We spent an hour or more with the sea lions as they basked, complained, or fought along the beach or shallow waters. Sexual dimorphism is expressed most dramatically with the Pinnipeds, the seal family, with some species, like the elephant seal, having males three or four times larger than the female. This difference was not as pronounced with these sea lions, although the mature males were at least 2.5X the size of the females lying thickly upon the cobble beach. Immature males sparred constantly, mouthing one another or grabbing each other by the throat, and splashing and bporposing through the water. A few full adults sparred as well, but none did so seriously, and I had to wonder if these matches were for fun or a gentle testing of strength that might be determinate for assessing rank later on. Oddly, no sea lion swam out to meet us as we’ve had happen on some other occasions, where we lay upon the swim deck for near water-level shots. Instead, the sea lions stayed around the beach where we left them, undisturbed, when we slowly backed out to sea.
It rained through much of the afternoon and we headed down into Frederick Sound hoping to find whales. They seemed to have disappeared and the usual hotspots were barren. Dennis was nervous, wanting to produce, but there were no whales about. We headed towards the southern shore where we hoped to find whales, and while crossing the sound Dennis spotted a distant whale breaching. We sailed west, arriving while the whale was still active. I missed the first potential series when I extended the wrong leg on my tripod, requiring me to reset the legs and, while doing so, a spectacular breach occurred.
wFortunately we had several more breaches and I caught one with the 800mm that just barely fit within the frame. Mary was using a 500mm and did much better with her framing, as did everyone else with shorter lenses. After the whale stopped his show others appeared, lung feeding on krill or, perhaps, herring, which each individual whale collected in a personal bubble-net, circling inward upon themselves as the bubbles created a broad 9, with the whale surfacing within the center hole of the figure 9. Sometimes the whales surfaced quite close to the boat and from the top deck thiswould have been a great shot but when I moved up there with Warren the whales moved off, frustrating us with the missed opportunity. We headed in to Cape Fanshaw for our evening anchorage under dreary skies.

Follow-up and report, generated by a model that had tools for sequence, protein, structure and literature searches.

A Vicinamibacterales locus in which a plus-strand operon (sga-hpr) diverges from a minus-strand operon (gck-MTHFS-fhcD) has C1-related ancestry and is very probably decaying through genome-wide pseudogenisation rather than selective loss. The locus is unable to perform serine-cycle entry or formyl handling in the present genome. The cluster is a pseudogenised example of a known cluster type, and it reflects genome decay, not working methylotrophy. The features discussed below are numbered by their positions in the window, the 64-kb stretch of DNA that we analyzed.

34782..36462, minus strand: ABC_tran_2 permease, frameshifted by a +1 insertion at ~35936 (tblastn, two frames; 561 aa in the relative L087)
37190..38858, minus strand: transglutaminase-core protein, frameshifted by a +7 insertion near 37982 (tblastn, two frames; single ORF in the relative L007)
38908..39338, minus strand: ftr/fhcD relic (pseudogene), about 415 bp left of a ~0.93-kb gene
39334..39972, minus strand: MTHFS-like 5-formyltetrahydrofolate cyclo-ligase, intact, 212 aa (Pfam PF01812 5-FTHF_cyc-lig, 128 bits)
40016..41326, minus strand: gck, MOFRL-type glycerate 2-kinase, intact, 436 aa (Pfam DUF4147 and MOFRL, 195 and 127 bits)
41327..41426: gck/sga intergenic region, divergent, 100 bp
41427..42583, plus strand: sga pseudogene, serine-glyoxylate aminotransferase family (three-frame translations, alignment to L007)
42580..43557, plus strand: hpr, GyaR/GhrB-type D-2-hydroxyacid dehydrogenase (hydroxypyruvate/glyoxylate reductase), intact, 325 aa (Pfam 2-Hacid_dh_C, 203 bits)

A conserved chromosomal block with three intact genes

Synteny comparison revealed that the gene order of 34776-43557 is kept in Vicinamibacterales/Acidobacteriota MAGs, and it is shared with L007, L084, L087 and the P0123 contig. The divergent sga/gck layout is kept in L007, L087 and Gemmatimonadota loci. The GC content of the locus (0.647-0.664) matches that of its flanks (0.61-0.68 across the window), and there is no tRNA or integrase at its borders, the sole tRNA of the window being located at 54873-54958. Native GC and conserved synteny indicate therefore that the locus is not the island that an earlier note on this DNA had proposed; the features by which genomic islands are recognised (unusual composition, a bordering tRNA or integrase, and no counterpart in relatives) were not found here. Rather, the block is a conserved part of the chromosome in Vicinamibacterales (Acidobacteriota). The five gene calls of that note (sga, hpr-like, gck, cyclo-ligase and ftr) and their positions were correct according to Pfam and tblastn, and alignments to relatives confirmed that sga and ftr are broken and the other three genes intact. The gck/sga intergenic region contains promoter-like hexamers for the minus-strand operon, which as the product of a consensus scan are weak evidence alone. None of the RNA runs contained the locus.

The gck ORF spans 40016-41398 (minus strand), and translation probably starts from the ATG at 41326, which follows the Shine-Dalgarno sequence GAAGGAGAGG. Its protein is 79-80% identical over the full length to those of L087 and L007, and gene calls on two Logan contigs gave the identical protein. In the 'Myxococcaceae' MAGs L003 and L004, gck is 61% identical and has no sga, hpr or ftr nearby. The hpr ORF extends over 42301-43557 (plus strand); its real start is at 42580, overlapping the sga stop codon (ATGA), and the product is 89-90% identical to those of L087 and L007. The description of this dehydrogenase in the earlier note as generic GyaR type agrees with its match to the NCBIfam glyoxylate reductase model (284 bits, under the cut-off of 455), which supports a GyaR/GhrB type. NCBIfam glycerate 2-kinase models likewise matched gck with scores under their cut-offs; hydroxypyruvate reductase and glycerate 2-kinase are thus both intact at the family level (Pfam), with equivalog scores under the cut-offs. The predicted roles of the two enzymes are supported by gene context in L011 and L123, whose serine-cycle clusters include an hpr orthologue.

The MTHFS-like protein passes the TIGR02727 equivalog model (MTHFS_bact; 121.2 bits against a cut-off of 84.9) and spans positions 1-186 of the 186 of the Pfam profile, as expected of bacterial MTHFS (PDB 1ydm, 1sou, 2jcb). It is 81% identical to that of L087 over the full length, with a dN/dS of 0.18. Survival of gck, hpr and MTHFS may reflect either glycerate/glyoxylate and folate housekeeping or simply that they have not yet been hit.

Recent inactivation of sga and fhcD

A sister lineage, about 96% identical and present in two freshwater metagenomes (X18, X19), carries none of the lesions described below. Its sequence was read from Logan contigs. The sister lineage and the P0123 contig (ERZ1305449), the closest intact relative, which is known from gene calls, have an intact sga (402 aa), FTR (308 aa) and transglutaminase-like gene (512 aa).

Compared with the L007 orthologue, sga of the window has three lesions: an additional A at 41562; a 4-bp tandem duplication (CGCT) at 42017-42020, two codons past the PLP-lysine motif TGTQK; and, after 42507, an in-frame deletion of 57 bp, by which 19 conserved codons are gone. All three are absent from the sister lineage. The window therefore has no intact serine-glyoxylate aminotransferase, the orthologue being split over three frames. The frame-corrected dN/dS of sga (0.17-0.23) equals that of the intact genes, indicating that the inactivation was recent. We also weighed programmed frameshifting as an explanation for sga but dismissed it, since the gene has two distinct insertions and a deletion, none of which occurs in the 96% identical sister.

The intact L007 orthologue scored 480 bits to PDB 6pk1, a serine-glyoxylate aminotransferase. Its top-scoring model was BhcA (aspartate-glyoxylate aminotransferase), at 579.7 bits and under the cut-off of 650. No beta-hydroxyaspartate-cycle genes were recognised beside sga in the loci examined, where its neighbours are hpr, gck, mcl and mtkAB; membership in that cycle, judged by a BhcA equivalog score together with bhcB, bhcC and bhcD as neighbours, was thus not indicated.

A Marbled Murrelet slaps across the water prior to take-off.

August 5. It continued to rain lightly through the night and we awoke to low, dull, wet skies and a whale-less sea. Although our original plan was to wait for bubble-net feeding, we scraped that in the absence of whales and instead headed to Gambier Bay where earlier a stream had been thick with Pink and Chum Salmon. We arrived at the head of the bay as the tide was rising, and after unloading and removing our life vests we almost lost them as the rising waters nearly cut off the small island where we unloaded the vests. Moving to higher closer to the trees the vests were safe as we explored the temperate rain forest and the salmon stream.
Gambier Forest views, from huge tree trunks to the understory of Western
Skunk Cabbage, ferns, and mushrooms.

Belted Kingfishers feed on the young salmon; while the carcasses of salmon, here
from a bear kill, replenish the stream with vital nutrients.

Before we disembarked for our on-land excursion I had challenged everyone to try to capture the essence of the rain forest and the environment, for an impromptu photo contest where we’d determine the winners in a slide show that evening featuring three images from each photographer. It was a fun exercise that motivated everyone to really ‘see’ the forest and later, when we did the show, it proved to be a productive exercise that really depicted the beauty of the area.